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No Silver Bullets

David Seruyange pointed me to a great presentation by Yahoo! Javascript Architect Douglas Crockford

Nigel Cheshire's Blog

David Seruyange pointed me to a great presentation by Yahoo! Javascript Architect Douglas Crockford on software quality. At least, “Quality” is the title of the presentation, but in fact Crockford gives a wonderful history lesson, showing how we got to where we are today. This is a 48-minute presentation, and well worth the time. If you don’t have time to watch the whole thing at work, do yourself a favor: forgo an episode of American Idol, set 48 minutes aside at home, don the headphones and listen in. You won’t regret it.

Crockford reminds us of some theories that have been around for a while, but have gotten lost in the morass of “snake oil” - new methodologies, tools and techniques that are claimed, by their vendors, to be silver bullets - quick, easy wins in the battle against poor software quality. There are no silver bullets, says Crockford, and you know what? He's right.

In case I can’t persuade you to watch the whole presentation, here are some highlights:

Crockford recalled some key points from the 1975 Frederick Brooks book The Mythical Man Month, which is still surprisingly relevant today:

  • Adding manpower to a late project makes it later.
  • The power of prototyping - plan to throw one away.
  • How does a project become a year late? One day at a time.

    He also referred to Donald Knuth's concept of Literate Programming, and Harlan Mills’ surgical team concept, which recognizes the fact that certain programmers can be as much as 10 or 100 times as productive as others. High performing developers are provided with a support team, which Crockford updates to include a co-pilot, a writer, a “language lawyer” - someone with a deep understanding of the language being used, a buildmeister, toolsmith, testers and interns. (Mind you, Dave Delay thought way back in 2005 that Mills’ perceived need for all those people just to support one programmer had been obviated by automation.)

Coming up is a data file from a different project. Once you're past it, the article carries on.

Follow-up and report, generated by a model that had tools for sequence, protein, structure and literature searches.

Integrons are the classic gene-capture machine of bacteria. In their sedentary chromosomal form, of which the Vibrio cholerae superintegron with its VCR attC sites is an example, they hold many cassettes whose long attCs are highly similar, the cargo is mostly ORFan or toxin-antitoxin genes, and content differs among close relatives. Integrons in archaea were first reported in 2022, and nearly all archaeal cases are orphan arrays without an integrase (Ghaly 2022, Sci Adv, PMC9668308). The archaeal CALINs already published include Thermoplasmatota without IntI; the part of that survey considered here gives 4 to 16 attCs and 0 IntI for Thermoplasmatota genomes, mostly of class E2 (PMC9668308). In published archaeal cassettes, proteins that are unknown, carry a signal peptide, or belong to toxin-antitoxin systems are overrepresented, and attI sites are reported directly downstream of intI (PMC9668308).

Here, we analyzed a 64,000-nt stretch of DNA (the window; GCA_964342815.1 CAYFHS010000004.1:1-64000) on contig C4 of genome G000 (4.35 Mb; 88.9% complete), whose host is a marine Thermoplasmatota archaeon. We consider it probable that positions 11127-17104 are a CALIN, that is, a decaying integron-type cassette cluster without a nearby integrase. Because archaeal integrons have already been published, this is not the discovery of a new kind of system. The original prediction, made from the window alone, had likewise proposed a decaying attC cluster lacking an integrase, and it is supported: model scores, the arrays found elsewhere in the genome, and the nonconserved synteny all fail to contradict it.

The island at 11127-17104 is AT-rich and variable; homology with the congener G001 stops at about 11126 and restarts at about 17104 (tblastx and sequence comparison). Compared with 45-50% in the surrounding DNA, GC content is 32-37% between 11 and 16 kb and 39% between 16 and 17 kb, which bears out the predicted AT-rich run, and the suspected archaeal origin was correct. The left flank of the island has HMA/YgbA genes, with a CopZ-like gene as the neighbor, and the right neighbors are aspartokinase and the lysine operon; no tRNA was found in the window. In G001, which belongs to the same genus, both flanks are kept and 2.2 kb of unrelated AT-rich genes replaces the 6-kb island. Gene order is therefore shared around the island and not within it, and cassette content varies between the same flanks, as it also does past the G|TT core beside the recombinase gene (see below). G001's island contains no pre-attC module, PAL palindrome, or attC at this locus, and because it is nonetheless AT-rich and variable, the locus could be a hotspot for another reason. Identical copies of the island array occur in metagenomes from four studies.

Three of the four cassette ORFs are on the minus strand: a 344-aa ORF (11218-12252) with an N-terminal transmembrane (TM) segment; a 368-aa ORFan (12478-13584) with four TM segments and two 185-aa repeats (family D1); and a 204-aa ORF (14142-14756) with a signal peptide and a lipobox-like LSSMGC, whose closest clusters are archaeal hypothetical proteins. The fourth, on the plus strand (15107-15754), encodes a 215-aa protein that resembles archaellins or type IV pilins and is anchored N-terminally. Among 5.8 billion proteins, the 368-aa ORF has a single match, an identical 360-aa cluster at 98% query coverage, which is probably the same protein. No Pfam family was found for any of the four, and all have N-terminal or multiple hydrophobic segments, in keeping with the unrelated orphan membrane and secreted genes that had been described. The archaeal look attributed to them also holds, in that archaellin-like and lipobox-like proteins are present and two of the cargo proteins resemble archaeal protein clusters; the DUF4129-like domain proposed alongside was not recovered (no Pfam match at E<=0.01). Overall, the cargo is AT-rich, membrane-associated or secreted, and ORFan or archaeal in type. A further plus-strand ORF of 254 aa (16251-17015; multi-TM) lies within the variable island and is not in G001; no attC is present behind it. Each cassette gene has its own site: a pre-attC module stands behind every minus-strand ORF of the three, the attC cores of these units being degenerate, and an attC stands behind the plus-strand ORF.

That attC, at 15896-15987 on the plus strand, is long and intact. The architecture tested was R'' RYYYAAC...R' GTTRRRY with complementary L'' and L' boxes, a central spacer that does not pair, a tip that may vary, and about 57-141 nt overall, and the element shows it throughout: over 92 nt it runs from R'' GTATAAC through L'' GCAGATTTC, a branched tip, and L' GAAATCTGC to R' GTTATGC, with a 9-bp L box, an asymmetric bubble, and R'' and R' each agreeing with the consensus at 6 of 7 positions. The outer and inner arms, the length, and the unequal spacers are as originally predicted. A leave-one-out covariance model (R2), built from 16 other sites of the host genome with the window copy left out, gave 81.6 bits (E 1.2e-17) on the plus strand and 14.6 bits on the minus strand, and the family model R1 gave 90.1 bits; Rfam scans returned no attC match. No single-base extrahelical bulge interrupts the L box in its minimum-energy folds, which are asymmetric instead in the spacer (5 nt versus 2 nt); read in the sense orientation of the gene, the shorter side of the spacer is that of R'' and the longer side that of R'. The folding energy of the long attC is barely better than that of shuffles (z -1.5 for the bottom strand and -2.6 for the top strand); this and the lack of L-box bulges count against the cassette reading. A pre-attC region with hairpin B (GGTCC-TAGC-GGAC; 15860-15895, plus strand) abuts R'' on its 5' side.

One of the most powerful arguments for caring about software quality, at least from a business standpoint, is almost glossed over in the presentation. Crockford points out that for a company like Yahoo!, the state of the code base has a significant impact on the company's valuation. They look at two aspects of code quality: coding conventions (aka coding standards), and macro architecture. They have found that the easiest win for improving code quality is to improve readability. His suggestion (although he didn’t actually say whether they do this at Yahoo! or not) is that every 7th sprint, no features are added to the code; you focus on clean-up. Crockford ends by noting that security and simplicity go hand in hand: a way to make your code more secure is to simplify it.

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    Nigel Cheshire is CEO of Enerjy Software, a division of Teamstudio Inc. He oversees product strategy and has been driving the company's growth since he founded it in 1996. Prior to founding Teamstudio, Inc., Nigel was co-founder and principal of Ives & Company, a CRM solutions consultancy. He holds a Bachelor of Science degree in computer science from the University of Teesside, England.

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